Dose of their own medicine
The British introduced Brazilians to soccer more than a century ago and since then have spent an awful lot of time trying to get their ball back.No one can doubt that. It goes beyond the fact that Brazil has won five World Cups — and England just the one, in its own stadium 47 years ago. There has been a chasm in class between the two, mostly stemming from sheer mastery of the ball, for much of that history.sports Updated: Feb 07, 2013 23:35 IST
The British introduced Brazilians to soccer more than a century ago and since then have spent an awful lot of time trying to get their ball back.
No one can doubt that. It goes beyond the fact that Brazil has won five World Cups — and England just the one, in its own stadium 47 years ago. There has been a chasm in class between the two, mostly stemming from sheer mastery of the ball, for much of that history.
On Wednesday, albeit in a friendly game that counted for no points, England beat Brazil, 2-1, at the rebuilt 90,000-seat Wembley Stadium.
The score didn't matter, except for the fact that it is the first time in 23 years that England has prevailed over Brazil. More significant was the suggestion that in technical ability — in skill with the ball and movement without it — the mother country of the sport might finally be narrowing the gap.
It was embodied in two young men. Neymar, who turned 21 this week, has a stack of video evidence that suggests he can do so much with the ball, at such extraordinary speed, that he should mature into one of the finest attacking players of his generation.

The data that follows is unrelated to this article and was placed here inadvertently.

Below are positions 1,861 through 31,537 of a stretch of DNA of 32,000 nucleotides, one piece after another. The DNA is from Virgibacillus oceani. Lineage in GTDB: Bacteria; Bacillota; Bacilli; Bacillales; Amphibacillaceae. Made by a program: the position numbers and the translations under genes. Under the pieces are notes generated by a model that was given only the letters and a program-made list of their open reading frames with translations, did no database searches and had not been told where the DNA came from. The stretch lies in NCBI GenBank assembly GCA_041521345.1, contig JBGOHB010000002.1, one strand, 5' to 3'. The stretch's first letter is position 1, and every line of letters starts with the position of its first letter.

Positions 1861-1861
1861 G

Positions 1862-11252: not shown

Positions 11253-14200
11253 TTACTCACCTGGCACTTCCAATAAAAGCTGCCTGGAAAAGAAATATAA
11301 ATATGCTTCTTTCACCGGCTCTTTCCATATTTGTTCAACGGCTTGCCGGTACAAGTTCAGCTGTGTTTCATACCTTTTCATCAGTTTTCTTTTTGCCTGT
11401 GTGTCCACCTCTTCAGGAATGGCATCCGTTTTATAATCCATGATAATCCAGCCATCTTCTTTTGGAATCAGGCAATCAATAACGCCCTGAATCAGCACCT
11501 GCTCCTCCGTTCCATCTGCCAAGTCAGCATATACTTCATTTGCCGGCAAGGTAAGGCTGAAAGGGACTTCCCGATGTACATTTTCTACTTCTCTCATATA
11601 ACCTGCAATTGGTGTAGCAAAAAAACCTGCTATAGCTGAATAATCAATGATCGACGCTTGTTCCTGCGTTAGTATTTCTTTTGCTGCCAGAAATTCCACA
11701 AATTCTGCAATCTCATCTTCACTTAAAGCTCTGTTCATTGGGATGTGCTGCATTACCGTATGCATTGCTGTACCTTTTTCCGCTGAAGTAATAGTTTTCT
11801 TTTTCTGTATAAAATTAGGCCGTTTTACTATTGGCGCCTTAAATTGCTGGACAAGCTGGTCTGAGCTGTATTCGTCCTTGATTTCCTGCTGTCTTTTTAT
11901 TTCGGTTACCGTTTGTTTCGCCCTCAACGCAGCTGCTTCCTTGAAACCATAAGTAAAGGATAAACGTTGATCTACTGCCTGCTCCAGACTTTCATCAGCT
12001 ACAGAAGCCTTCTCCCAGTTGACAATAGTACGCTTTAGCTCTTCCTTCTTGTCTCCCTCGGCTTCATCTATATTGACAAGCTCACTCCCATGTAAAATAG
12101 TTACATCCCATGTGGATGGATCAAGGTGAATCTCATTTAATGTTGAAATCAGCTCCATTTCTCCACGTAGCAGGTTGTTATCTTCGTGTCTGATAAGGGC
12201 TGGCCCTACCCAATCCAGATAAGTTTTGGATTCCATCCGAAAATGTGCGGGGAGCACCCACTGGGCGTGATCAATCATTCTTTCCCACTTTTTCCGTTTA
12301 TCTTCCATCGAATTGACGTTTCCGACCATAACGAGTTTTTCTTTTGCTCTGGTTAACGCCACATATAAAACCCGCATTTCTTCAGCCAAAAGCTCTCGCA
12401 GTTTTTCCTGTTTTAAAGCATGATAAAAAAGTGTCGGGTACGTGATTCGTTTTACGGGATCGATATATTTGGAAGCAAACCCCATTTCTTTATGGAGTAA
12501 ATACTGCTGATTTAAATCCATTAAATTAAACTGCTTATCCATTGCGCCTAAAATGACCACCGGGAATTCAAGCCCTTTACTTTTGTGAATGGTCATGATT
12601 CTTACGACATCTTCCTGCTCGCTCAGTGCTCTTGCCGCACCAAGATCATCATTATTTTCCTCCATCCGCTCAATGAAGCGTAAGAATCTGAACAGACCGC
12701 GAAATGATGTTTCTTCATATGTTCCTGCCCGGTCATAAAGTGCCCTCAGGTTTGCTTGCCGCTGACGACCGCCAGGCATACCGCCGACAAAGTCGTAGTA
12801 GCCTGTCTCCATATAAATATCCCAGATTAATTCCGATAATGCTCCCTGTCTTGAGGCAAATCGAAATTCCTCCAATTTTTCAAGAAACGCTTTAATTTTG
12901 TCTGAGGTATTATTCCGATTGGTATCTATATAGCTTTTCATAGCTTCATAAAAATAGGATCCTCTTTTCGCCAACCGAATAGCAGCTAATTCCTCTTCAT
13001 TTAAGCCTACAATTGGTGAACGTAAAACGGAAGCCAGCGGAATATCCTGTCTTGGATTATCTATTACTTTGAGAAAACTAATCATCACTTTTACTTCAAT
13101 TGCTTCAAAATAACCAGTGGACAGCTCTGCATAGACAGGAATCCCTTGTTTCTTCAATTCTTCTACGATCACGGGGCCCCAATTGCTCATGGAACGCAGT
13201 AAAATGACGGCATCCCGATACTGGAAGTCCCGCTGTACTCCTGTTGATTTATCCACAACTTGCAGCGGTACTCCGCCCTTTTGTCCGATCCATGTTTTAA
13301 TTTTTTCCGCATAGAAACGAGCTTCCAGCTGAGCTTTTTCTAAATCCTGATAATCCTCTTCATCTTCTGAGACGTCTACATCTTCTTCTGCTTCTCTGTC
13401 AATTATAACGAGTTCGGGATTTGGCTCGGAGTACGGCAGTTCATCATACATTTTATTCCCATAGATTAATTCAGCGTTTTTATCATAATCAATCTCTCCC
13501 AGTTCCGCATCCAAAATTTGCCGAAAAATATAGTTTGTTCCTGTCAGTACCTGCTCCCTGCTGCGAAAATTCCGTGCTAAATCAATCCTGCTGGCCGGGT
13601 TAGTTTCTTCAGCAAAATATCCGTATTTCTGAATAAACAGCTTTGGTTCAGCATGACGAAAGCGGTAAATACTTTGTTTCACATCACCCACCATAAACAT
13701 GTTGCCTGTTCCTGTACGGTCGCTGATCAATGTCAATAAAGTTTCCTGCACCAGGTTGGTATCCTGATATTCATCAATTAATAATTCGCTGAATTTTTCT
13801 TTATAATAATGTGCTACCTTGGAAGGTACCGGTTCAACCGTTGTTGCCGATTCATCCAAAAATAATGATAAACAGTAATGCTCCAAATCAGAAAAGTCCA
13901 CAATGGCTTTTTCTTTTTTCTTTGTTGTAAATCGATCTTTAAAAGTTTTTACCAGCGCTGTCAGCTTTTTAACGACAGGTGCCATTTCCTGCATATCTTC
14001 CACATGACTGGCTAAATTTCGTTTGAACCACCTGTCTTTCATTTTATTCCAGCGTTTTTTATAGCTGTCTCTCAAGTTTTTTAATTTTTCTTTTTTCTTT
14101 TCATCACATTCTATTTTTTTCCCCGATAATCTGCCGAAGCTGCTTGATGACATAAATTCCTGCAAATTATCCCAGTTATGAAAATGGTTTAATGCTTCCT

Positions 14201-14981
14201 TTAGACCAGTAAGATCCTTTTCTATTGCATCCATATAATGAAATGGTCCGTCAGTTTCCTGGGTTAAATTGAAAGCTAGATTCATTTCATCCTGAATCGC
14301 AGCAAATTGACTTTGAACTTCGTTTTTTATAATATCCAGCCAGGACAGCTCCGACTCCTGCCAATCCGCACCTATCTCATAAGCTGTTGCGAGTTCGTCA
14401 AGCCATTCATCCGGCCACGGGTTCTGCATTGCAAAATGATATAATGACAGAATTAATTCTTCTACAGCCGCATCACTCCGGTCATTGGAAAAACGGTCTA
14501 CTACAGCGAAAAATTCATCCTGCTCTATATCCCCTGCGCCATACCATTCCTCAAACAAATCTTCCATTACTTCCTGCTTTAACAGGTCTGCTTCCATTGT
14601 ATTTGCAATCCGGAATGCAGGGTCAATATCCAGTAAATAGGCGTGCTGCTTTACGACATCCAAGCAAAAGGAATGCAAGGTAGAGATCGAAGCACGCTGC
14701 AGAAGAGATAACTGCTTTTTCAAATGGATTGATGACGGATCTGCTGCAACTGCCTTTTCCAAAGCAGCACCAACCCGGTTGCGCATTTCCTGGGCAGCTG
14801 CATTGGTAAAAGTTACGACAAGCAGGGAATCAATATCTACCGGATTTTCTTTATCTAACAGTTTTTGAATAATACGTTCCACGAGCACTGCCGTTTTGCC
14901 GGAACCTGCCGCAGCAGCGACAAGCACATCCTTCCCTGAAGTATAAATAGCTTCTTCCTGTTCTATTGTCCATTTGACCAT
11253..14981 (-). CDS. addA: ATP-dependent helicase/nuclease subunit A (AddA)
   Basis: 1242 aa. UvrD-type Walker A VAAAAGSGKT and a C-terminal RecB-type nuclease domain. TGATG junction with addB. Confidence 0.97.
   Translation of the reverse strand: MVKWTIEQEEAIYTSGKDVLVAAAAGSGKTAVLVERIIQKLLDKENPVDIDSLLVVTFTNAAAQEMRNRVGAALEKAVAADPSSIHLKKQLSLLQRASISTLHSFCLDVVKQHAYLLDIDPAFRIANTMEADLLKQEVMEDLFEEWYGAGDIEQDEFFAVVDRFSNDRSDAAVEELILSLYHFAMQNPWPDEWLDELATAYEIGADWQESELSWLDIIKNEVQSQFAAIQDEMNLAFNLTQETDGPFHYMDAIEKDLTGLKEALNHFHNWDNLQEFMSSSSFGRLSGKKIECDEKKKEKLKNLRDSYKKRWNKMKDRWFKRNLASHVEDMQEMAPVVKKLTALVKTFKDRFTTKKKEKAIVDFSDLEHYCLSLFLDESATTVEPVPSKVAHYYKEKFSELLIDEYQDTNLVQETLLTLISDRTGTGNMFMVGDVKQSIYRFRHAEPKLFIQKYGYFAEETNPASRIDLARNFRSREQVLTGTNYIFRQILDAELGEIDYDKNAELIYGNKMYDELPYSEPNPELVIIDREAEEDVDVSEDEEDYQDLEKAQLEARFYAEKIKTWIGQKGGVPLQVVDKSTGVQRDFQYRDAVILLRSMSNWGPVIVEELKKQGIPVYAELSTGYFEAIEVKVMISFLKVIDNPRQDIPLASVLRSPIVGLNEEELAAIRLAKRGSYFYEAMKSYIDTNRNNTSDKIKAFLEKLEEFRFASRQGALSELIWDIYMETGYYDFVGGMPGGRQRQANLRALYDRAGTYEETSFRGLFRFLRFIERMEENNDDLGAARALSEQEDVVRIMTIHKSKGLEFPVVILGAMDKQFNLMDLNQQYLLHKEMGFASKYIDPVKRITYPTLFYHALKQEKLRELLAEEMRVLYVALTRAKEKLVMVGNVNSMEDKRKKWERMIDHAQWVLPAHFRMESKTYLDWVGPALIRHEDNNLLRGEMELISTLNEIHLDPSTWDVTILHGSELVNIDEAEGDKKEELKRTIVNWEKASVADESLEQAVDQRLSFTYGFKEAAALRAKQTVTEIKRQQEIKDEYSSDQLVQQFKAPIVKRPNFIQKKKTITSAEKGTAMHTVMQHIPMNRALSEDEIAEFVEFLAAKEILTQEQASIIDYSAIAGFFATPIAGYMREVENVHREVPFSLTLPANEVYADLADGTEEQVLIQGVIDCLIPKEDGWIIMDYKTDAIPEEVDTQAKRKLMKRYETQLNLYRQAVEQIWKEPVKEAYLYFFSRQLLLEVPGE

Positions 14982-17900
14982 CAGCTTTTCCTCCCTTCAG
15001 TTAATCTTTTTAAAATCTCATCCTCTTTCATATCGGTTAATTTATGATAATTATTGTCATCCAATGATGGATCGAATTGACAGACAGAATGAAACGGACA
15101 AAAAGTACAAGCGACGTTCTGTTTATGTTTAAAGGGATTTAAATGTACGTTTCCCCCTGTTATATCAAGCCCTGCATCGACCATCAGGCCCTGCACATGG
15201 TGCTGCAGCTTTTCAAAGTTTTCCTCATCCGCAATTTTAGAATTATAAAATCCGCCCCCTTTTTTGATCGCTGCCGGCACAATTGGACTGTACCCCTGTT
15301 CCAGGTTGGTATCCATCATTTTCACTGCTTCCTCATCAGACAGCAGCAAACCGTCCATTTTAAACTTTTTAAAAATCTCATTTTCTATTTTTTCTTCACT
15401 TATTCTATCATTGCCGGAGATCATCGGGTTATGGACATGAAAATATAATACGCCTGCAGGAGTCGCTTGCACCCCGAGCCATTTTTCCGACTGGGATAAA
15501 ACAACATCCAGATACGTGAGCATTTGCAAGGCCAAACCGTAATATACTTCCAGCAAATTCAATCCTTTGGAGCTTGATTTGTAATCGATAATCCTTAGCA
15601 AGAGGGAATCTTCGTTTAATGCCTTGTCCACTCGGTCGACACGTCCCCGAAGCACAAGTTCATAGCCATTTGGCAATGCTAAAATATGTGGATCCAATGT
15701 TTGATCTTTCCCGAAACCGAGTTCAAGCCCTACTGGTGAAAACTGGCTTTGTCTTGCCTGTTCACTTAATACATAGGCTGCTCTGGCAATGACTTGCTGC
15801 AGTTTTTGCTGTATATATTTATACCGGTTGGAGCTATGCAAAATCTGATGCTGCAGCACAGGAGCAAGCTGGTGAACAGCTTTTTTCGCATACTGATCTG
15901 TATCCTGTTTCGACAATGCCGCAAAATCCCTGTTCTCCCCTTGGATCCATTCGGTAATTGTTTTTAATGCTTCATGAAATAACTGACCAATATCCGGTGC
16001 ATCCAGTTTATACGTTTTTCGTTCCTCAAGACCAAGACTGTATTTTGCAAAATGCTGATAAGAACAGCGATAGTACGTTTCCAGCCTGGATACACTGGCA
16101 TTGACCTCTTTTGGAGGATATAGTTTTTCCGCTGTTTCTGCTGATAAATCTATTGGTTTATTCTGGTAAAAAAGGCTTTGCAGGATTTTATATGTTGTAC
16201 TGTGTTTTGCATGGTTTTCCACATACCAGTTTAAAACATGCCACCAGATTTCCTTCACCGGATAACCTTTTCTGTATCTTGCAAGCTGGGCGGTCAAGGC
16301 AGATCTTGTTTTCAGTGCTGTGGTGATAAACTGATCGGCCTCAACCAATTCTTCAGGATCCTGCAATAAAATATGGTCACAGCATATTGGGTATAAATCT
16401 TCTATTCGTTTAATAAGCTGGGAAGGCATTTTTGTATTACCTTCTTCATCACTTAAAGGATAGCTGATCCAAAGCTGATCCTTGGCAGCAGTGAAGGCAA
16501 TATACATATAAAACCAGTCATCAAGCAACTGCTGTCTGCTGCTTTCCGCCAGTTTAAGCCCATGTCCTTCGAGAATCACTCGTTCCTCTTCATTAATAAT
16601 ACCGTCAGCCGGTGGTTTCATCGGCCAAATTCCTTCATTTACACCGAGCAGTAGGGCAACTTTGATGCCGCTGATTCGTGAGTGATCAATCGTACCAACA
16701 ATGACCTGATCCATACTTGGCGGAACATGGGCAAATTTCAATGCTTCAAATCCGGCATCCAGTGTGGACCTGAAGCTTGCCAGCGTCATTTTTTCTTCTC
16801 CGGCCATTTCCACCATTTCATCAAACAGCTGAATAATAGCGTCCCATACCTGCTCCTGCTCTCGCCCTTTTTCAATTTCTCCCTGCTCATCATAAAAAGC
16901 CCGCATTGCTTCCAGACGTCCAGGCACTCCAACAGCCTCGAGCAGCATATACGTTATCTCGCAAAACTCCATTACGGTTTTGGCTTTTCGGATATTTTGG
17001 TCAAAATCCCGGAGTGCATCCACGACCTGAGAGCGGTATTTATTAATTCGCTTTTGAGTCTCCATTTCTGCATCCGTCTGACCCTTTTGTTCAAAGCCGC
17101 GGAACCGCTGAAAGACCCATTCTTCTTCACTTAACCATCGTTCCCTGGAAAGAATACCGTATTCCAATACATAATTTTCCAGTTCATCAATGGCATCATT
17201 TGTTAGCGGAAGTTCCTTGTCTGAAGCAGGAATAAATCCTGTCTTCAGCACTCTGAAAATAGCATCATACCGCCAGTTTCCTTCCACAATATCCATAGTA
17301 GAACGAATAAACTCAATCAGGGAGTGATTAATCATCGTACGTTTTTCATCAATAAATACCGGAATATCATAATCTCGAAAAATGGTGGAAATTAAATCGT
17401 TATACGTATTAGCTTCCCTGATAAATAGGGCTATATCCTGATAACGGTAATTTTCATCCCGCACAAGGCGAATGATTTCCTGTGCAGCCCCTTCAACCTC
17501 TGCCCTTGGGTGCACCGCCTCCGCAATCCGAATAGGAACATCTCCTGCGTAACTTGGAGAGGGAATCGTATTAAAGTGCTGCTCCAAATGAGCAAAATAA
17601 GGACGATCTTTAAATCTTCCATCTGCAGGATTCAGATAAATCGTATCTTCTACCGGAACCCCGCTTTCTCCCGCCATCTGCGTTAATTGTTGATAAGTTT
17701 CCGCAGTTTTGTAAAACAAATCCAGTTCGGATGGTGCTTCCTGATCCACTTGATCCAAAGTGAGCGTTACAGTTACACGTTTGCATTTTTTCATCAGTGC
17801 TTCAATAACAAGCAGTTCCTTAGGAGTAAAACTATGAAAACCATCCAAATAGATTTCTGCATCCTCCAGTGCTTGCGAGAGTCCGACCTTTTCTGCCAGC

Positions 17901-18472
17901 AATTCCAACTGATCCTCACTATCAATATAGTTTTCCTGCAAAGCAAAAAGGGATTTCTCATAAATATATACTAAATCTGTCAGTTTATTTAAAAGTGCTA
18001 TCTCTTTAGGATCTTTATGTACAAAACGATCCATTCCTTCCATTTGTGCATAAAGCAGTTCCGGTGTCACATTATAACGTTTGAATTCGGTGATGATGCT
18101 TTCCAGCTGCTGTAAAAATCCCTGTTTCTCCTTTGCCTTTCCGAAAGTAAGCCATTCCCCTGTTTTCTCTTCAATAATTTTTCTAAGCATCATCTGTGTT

Arsenal's Jack Wilshere, who also recently celebrated his 21st birthday, outshone Neymar on Wednesday.
It was not simply a case of an Englishman more at home in his own stadium, or one more accustomed to the chill wind on a typically frosty February night. Wilshere was buffeted at times by Brazilians like David Luiz and Ramires, who both earn their living in London, with Chelsea.
So the excuse that Brazilians came out of their warmth to England's cold does not wash, any more than Americans can simply blame the midafternoon humidity in San Pedro Sula for their 2-1 loss to Honduras on Wednesday.
Two of a kind
Once more, the Neymar and Wilshere comparison is worth considering. The only impediment to the young Brazilian's progress is said to be that by staying at home, he doesn't meet exacting enough competition.
He is quick, bright and daring, and his dancing feet can appear hypnotic. But at Wembley, where his compatriot Oscar — another Chelsea recruit - set up chances, Neymar squandered a hat trick.
Wilshere, meantime, was brilliant. He wears his youth like a man, indeed — facially he looks much older than his years. Wilshere became an Arsenal first-team player at 16 and, given his amalgam of touch and vision and muscular strength, perhaps that early start was premature.
He broke down. His ankle, and then other parts of his lower limbs, required surgery and long, long rest. He spent 14 months out of the game, but in that time he demonstrated just how much he craved getting back into the thick of it. It was Wilshere's measured pass, and his Arsenal teammate Theo Walcott's electric speed, that created the opening goal. Brazil goalie Júlio César rushed bravely to intercept the move, but the ball then ran loose, and Wayne Rooney drove it into the net with precision.